Variable PARK2 Mutations Cause Early-Onset Parkinson’s Disease in a Small Restricted Population

Shay Ben-Shachar, Zaid Afawi, Rafik Masalha, Samih Badarny, Tova Neiman, Dina Pavzner, Anat Bar-Shira, Avi Orr-Urtreger

Research output: Contribution to journalArticlepeer-review

1 Scopus citations


Early-onset Parkinson’s disease (EOPD) is less common than the typical adult-onset PD and may be associated with a genetic etiology. Mutations in several genes are known to cause autosomal recessive (AR) PD. This study aimed to detect the etiology of EOPD in consanguineous families or families living in a specific small geographic region in Israel. Six families with EOPD affecting more than a single individual were recruited. Homozygous mapping analysis using a single-nucleotide polymorphism-based array was performed in all families, followed by Sanger sequencing of related genes based on the mapping results. In addition, all families underwent PARK2 sequencing and testing for large deletions and duplications in PD-associated genes. Different truncating mutations were detected in the PARK2 gene among affected individuals of three families: c.996C>A (p.Cys332X) and c.101delA in either homozygous or compound heterozygous fashion. Exon 4 deletion was detected in a heterozygous manner in a late-onset PD and in homozygous state in early-onset disease in the same family. No disease-causing mutations were detected in any other tested genes. In total, mutations in the PARK2 gene were detected in four of the six tested families with a history of EOPD. These results further demonstrate the role of PARK2 in AR PD. We recommend genetic analysis for the PARK2 gene when AR PD is suspected.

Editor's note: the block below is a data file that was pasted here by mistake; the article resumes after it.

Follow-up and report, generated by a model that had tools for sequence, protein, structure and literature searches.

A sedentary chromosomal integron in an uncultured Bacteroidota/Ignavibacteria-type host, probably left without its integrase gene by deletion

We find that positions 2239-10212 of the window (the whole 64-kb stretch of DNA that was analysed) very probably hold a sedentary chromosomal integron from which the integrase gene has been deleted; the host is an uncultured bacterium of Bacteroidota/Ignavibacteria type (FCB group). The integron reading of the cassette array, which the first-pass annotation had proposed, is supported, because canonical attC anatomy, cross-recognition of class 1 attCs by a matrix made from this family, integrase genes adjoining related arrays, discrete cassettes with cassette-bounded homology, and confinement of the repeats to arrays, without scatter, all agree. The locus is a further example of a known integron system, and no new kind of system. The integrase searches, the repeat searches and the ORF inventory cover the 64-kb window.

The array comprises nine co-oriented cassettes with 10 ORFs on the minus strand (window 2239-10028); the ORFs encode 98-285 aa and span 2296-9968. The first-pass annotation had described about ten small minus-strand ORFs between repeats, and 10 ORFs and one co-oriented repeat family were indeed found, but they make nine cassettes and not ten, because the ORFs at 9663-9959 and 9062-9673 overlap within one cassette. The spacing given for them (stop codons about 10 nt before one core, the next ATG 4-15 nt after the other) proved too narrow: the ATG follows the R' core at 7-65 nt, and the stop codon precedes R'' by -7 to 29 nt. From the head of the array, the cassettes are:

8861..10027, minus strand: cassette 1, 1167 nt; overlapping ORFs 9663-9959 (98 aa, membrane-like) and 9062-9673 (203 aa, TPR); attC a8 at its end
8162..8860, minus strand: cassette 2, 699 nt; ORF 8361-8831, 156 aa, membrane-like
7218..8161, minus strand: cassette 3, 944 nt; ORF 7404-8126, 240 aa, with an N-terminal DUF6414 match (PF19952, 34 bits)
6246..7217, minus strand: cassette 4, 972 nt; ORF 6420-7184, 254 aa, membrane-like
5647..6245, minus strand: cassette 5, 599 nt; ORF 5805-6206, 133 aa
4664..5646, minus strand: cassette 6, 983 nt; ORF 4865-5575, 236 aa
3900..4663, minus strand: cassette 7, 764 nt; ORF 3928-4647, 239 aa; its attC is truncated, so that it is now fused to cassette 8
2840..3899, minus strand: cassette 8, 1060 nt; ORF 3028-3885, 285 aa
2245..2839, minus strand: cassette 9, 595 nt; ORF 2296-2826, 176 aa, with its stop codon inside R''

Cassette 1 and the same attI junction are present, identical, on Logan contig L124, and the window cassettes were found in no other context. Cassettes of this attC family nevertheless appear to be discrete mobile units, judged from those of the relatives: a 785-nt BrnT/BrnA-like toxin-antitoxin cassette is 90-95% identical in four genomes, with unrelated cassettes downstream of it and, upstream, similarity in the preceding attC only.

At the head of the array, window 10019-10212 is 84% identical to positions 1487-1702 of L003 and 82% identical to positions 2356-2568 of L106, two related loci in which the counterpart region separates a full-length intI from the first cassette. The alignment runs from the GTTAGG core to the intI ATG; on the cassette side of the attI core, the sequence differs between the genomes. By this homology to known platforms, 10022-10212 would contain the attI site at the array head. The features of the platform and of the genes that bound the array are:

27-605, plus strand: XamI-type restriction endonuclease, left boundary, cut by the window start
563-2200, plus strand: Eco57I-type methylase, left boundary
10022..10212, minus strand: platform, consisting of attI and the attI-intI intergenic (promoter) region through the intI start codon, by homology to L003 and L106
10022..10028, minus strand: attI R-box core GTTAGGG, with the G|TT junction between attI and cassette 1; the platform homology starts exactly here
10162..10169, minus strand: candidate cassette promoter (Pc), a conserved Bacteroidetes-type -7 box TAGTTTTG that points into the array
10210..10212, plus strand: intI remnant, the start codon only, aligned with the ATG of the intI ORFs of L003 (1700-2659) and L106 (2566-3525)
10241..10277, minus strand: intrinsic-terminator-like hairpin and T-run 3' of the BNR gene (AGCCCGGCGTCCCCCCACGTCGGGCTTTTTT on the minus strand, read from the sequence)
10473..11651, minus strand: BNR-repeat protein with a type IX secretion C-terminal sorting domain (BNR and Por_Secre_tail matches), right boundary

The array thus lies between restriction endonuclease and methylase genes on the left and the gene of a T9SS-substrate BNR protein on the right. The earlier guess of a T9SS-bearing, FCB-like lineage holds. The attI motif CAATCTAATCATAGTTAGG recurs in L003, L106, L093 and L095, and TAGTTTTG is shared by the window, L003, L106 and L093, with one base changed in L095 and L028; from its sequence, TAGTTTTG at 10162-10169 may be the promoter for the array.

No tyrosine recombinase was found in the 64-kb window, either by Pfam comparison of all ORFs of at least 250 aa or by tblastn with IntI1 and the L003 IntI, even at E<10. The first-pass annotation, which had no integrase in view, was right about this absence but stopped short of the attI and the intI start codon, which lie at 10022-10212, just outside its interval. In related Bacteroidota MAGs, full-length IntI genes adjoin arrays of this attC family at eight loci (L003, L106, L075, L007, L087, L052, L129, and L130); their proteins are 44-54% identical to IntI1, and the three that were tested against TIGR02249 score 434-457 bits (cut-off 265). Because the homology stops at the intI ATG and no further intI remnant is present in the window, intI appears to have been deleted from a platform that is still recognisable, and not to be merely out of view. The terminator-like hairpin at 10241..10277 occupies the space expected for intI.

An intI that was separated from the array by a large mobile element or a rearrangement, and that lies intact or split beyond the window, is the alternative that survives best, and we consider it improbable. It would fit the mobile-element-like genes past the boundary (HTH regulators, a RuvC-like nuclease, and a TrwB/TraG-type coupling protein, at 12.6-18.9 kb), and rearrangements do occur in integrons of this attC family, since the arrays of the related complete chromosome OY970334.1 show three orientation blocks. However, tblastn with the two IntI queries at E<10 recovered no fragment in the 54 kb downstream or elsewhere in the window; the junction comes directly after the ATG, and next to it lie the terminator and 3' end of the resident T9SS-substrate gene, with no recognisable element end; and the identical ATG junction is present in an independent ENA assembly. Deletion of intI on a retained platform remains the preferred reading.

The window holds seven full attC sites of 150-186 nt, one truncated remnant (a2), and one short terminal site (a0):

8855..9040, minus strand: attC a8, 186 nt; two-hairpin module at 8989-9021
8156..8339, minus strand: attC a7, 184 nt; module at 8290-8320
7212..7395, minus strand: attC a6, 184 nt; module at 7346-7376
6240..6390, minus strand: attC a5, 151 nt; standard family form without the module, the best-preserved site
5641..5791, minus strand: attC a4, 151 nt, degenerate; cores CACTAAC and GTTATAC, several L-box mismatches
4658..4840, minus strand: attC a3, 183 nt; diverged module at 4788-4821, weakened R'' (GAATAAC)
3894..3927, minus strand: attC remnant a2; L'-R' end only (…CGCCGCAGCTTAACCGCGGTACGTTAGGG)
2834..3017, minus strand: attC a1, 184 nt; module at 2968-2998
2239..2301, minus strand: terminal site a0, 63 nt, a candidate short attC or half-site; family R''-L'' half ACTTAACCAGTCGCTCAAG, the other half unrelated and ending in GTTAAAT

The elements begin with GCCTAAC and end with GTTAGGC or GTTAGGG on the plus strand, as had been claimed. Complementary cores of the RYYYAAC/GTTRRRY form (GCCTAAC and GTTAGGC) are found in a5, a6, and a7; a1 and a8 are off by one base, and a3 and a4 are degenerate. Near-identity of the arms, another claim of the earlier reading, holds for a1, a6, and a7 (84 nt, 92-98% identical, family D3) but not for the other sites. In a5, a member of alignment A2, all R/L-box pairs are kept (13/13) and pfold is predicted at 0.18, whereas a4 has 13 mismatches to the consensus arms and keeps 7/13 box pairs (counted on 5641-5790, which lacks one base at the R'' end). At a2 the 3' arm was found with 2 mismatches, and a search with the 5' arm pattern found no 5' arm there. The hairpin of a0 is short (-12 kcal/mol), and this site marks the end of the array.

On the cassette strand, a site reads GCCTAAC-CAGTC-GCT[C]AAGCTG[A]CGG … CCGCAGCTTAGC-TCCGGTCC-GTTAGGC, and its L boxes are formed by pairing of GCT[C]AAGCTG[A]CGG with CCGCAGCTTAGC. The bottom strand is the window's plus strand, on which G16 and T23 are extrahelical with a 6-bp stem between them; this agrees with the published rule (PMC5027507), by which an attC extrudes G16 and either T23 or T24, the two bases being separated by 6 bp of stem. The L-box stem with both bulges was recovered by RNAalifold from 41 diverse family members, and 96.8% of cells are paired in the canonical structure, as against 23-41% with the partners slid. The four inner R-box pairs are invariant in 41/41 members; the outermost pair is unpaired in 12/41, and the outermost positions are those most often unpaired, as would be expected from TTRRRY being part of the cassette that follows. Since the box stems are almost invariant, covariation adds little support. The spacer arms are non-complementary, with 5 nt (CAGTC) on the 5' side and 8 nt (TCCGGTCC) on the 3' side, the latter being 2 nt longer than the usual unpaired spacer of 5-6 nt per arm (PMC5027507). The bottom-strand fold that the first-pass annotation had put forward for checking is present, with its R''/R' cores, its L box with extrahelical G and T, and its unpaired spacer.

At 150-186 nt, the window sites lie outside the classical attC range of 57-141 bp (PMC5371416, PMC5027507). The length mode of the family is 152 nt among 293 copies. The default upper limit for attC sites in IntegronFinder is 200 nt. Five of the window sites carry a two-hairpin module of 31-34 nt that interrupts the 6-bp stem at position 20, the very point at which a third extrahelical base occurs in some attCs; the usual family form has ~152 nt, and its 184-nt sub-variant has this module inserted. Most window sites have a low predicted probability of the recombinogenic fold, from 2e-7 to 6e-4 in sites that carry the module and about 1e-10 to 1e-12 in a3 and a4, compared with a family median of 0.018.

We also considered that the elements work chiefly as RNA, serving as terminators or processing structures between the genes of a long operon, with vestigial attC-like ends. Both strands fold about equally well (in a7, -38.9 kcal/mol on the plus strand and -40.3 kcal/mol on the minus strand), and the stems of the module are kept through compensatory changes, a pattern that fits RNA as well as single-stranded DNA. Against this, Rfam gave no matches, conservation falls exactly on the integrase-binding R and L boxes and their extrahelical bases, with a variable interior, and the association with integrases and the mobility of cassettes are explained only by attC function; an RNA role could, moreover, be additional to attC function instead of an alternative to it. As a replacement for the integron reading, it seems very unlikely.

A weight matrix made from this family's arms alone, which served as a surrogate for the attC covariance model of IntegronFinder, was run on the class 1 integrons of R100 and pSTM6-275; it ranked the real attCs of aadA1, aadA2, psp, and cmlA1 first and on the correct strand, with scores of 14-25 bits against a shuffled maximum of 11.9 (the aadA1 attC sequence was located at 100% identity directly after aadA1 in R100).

Original languageEnglish
Pages (from-to)216-222
Number of pages7
JournalJournal of Molecular Neuroscience
Issue number2
StatePublished - 1 Oct 2017


  • Autosomal recessive
  • EOPD
  • Early-onset Parkinson’s disease
  • PARK2

ASJC Scopus subject areas

  • Cellular and Molecular Neuroscience


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